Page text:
In a report published in Nature earlier this year (16 July 2009), researchers found that rapamycin administered in food increased the median and maximal lifespan of genetically heterogeneous laboratory mice, whether it was fed to middle-aged (600 days old) or young adult (270 days old) mice. Rapamycin feeding beginning at 600 days of age led to an increase in lifespan of 14% for females and 9% for males, on the basis of age at 90% mortality.

Rapamycin targets mTOR (mammalian target of rapamycin), a kinase that regulates signaling pathways that affect many cellular processes. mTOR forms two protein complexes that are active in intracellular signaling—mTORC1 and mTORC2. It is mTORC1 that is most sensitive to rapamycin. mTORC1 works to coordinate cellular growth and survival responses induced by changes in the availability of nutrients, and also responses to cellular stresses (e.g., hypoxia, DNA damage and osmotic stress). Genetic inhibition of TORC1 in yeast and invertebrates has been found to extend their lifespan. In particular, in the nematode Caenorhabditis elegans, TORC1 interacts with the insulin pathway (via raptor, a component of TORC1) to control lifespan. The role of the insulin pathway in the enhancement of lifespan by CR in C. elegans has been known for many years. The role of mTORC1 at the junction of nutrient and stress sensing pathways, together with these results in invertebrates and now mice, has led researchers to hypothesize that the mTORC1 pathway may be involved in CR-mediated enhancement of lifespan, and that drugs that modulate this pathway may substitute for CR in lifespan extension.

In other studies, inhibition of the mTOR pathway in mice was found to retard development of such aging-related conditions as cancer, metabolic disease, and cardiovascular disease. This effect has also been seen in studies of CR in mice and in nonhuman primates, as stated above.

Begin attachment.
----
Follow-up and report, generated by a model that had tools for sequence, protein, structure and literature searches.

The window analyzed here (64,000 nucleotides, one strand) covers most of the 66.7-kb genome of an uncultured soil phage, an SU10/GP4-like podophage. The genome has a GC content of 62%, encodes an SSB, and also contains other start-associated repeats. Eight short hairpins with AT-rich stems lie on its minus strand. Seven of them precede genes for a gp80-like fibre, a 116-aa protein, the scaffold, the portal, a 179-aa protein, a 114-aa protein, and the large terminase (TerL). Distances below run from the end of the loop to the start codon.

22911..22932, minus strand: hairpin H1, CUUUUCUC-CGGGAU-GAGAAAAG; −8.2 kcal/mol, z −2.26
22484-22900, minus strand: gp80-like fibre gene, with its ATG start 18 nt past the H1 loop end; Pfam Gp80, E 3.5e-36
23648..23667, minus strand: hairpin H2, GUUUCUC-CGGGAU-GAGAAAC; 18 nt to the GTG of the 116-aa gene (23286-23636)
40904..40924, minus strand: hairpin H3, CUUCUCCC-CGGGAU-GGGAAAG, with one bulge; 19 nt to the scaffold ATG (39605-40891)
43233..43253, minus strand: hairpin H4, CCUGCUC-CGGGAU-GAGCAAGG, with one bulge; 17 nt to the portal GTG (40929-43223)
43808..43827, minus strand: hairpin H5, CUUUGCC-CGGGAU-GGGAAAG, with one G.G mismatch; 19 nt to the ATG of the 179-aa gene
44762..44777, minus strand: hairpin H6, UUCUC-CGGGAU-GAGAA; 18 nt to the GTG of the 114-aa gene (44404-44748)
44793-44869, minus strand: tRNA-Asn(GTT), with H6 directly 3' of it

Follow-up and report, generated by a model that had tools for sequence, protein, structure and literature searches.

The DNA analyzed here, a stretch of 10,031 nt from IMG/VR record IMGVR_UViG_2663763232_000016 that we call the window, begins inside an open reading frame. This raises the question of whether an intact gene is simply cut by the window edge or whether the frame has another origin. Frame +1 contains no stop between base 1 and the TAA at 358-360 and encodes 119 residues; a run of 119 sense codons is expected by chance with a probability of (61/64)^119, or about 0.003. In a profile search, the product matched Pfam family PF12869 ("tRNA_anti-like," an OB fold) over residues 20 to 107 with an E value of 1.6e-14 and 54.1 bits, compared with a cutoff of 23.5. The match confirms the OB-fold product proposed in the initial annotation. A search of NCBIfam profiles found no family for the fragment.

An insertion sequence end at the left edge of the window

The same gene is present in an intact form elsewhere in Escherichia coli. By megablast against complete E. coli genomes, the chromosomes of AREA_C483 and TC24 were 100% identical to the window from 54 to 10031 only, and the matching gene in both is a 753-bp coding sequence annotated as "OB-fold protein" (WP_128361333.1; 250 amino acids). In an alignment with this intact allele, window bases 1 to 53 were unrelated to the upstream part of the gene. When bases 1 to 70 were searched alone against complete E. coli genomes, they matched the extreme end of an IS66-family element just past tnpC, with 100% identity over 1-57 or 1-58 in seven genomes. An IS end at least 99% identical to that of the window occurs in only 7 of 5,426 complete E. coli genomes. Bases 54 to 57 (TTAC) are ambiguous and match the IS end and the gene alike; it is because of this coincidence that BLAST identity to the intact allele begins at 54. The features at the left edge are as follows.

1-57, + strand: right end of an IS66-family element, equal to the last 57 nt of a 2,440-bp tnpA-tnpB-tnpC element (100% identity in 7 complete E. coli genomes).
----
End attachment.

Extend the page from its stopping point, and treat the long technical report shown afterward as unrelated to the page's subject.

Rapamycin is an immunosuppressant that is marketed as Wyeth’s (now Pfizer’s, since the October 2009 merger) Rapimmune, to prevent organ transplant rejection. More recently, a derivative of rapamycin, temsirolimus (Wyeth/Pfizer’s Toricel) has been approved for treatment of renal cell carcinoma. The authors of the Nature paper therefore hypothesized that rapamycin may have extended lifespan in the mice either by working via CR-related pathways that control lifespan, by postponing death from cancer, or both.

The finding that oral rapamycin can retard aging in mice, even when fed to 600-day-old mice (the equivalent of 60 years old in humans) raises hope for the development of anti-aging drugs for human use. However, rapamycin itself cannot be used for this purpose because of its immunosuppressant effects. (In the mouse rapamycin feeding studies, the mice were kept under specific pathogen-free conditions.) If researchers were to attempt to modulate the mTORC1 pathway to extend lifespan, they would therefore need to discover other drugs that modulate that pathway without rapamycin’s side effects. Learning more about specific pathway components that may be targeted to increase lifespan may help researchers discover such drugs.

In the new Selman et al. report, researchers endeavored to learn more about how the mTORC1 pathway might extend lifespan in mice. They constructed knockout mice that lacked S6 protein kinase 1 (S6K1). S6K1 is a downstream target of mTORC1, which upregulates mRNA translation and protein synthesis in response to mTORC1 signaling. The researchers found that deletion of the gene for S6K1 resulted in a 19% increase in median lifespan in female mice (as compared to wild-type females), and also increased maximum lifespan. S6K1 deletion had no effect on the lifespan of male mice. This was in contrast to the study with rapamycin feeding, which showed lifespan extension in both sexes, even though the effect in female mice was greater. However, the results of the two studies are not strictly comparable, since mice of different genetic background were used in the two studies.

Female S6K1 knockout mice also showed improvement in several biomarkers of aging (e.g., motor and neurological function, level of physical activity, insulin sensitivity, glucose tolerance, fat mass, immunological parameters). Hepatic gene expression in 600-day-old female S6K1 knockout mice resembled that of wild type mice subjected to CR. Female S6K1 knockout mice showed increased hepatic, muscle, and adipose tissue expression (as compared to wild-type mice) of genes associated with other pathways associated with longevity, including genes for sirtuin-1 (SIRT1) and adenosine monophosphate-activated protein kinase (AMPK).